Liftshare has been looking at a lot of festivals that bring something different to the table recently, and we thought we’d keep the ball rolling with a look at the celebration of Americana that is Maverick Festival.
The festival was founded by Paul Spencer who, after living in America for many years, grew fond of its multi-faceted culture. A frequent visitor of the New Orleans Jazz and Heritage Festival, his love for American roots music proved to be a great inspiration, and upon his return to the UK he realised there was a distinct lack of equivalent on these shores.
Today the Maverick Festival (July 3-5 2015 at Easton Farm Park in Suffolk) stands as a showcase of roots music from both sides of the Atlantic, and this year’s event proves to be a big one thanks to appearances from Billy Bragg and Larkin Poe, with many more acts on the bill.
Here’s the line-up so far:
It’s not just about music however, as the festival boasts comedy acts, dance sessions, workshops, films and more for revellers of all ages to enjoy. Not only is it family friendly, it’s also dog-friendly too, so expect to see a diverse crowd of merry campers and day visitors throughout the long weekend.
We were intrigued at the thought of an Americana festival that embraces Stateside root culture, while including influences from the UK. It’s certainly a unique template, and one Paul was happy to discuss with us.
So without further ado, take it away Paul!
Liftshare: Can you tell us about the origins of Maverick Festival?
Paul: I lived in america for many years and was a frequent visitor to the New Orleans Jazz & Heritage Festival which in spite of its slightly misleading name presents all sorts of great American roots music and serves up some incredible local food and drink. That really was a great inspiration and when I returned to the UK to find there was not a festival dedicated to Americana, the music that I love, along with an old friend the record sleeve designer Ken Ansell whose enviable record collection fuelled our enthusiasm, we vowed to do something about it.
I used to take my children to Easton Farm park, a lovely local tourist attraction to see the animals and walk their nature trails and one day it occurred to me that the assembly of beautiful old Victorian farm buildings, the central green and the surrounding meadows would provide the ideal setting for our festival. As they came to understand my vision, the owners of the site became extremely supportive and in spite of some local opposition, made it possible.
Liftshare: How has maverick festival grown since then?
Paul: The first event was like a big garden party where i lost alot of money and gained alot of experience. Since then we have built the festivals following year on year by focusing on delivering quality across the board not just on the music front but the general festival experience – keeping queues for the loos and bars to a minimum, providing a spacious campsite, offering a range of high quality but reasonably priced food vendors, creating a child friendly environment and keeping the overall capacity as small as is financially possible to maintain the intimate community atmosphere that people have come to value above all else.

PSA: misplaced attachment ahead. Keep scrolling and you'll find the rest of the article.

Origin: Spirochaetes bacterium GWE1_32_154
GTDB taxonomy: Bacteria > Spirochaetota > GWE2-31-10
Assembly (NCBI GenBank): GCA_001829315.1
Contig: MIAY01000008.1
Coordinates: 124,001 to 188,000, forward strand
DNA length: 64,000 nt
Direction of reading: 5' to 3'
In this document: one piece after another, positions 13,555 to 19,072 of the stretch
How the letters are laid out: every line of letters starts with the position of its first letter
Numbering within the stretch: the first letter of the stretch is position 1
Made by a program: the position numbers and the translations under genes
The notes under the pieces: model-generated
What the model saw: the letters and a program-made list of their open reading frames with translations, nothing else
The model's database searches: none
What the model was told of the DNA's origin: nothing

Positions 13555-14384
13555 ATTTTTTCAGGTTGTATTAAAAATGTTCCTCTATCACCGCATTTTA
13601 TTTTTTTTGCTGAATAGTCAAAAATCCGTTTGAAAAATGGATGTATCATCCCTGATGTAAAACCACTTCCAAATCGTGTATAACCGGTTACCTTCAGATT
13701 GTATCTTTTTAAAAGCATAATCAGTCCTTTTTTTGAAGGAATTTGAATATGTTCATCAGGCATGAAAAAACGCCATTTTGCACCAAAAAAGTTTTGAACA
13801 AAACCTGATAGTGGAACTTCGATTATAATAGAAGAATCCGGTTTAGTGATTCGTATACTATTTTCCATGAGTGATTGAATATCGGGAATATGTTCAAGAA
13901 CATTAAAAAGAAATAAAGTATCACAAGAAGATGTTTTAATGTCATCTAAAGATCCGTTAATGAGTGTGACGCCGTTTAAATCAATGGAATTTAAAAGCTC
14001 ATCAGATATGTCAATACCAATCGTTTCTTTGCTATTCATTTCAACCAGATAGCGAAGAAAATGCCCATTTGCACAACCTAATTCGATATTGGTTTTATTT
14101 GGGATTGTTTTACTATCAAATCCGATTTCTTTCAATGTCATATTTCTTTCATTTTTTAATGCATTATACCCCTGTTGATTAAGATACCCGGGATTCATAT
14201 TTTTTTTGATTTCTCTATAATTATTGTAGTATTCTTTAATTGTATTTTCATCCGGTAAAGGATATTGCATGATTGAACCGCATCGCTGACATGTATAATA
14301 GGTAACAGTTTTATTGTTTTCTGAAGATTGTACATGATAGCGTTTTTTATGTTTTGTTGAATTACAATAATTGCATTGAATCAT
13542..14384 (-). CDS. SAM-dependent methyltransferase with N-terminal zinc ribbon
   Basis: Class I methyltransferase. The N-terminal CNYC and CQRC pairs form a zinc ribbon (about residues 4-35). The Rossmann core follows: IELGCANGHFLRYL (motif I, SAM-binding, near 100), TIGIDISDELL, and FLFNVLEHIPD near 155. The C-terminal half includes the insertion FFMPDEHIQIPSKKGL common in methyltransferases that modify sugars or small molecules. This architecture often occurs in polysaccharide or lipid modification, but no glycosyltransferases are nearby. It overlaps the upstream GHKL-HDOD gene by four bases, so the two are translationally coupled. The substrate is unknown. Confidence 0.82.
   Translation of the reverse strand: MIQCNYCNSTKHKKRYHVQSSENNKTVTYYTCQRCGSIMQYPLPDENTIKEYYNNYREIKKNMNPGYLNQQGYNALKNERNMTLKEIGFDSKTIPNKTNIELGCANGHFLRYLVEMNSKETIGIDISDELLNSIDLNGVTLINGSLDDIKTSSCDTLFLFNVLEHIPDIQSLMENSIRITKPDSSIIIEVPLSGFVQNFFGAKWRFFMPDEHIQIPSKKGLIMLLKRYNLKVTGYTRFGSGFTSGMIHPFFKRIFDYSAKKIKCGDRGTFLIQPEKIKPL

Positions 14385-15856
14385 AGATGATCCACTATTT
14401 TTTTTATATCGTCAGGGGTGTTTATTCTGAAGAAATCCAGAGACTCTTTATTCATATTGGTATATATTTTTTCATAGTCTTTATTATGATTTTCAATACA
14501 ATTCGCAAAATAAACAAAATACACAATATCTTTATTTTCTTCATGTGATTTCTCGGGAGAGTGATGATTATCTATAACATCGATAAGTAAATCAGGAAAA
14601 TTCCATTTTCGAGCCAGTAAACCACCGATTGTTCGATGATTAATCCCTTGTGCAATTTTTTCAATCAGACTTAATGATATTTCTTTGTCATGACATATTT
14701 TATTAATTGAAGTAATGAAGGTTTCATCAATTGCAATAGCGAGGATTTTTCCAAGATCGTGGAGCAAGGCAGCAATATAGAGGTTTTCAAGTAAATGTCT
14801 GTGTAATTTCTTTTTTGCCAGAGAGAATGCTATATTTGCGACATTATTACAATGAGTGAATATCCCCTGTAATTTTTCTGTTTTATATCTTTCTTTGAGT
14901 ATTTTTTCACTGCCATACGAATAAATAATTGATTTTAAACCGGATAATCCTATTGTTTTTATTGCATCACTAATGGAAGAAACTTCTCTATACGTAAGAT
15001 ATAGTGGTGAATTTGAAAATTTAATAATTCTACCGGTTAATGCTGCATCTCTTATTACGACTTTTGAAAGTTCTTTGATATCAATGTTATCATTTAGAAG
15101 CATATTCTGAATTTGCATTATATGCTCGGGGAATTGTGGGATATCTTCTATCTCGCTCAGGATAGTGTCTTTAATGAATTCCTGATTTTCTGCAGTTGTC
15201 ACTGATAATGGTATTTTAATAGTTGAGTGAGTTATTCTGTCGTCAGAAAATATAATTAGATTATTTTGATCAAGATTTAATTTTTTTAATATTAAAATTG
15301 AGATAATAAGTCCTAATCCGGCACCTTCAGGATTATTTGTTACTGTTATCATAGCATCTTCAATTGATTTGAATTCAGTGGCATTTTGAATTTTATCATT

We have also worked hard to allay the fears of the local villagers and include them in the adventure by getting them involved. Many work as stewards, help in hospitality and in the company store and in recent years we have had the hundred-strong local community choir perform at our sunday gospel brunch
Liftshare: How popular would you say Americana roots genres are becoming in the UK, and what would you say characterises that style of music?
Paul: We have seen a huge increase in the awareness and popularity of american roots music which is really everything from folk, bluegrass and country to Cajun, blues, gospel and rock n roll. Ken and I are founder members of the Americana Music Association UK – an organisation we helped set up in 2013 to spread the word, so we are certainly on a mission and it seems to be getting results!
Liftshare: How important is this community aspect of Maverick Festival to you?
Paul: We value the sense of community above all else. I would say that Maverick is not really a consumer event it is a community that comes together once a year and embraces all its stake-holders – the performers, vendors, staff, local residents and audience
Liftshare: What is your approach to tackling green matters in and around Easton Farm Park? In what ways do you look to reduce the impact of maverick on the area?
Paul: This is a working farm and when we leave on the Sunday by Monday morning it has to be business as usual. The Suffolk punches are back in the fields, the hay is brought in and so on, so its our number one priority to ensure that the festival is sustainable. We provide re-usable beer glasses for example which we estimate has prevented some 15-20,000 plastic glasses going into the landfill.
We also favour products like Belu bottled water who give all their profits to water-aid and whose bottles are made from at least 50 per cent recycled plastic. We are always on the look out for new ways to reduce our footprint and so we were delighted to become part of the Liftshare scheme
We’re sure you’ll agree that Maverick Festival is a fresh take on the big field format, offering a diverse mix of roots music, a community atmosphere and events for the whole family. If you’re heading there this year, you can save money by pre-booking travel with Liftshare, either on our site, or using our free Android and iOS apps.
Images courtesy of Maverick Festival’s Sophie Boleyn
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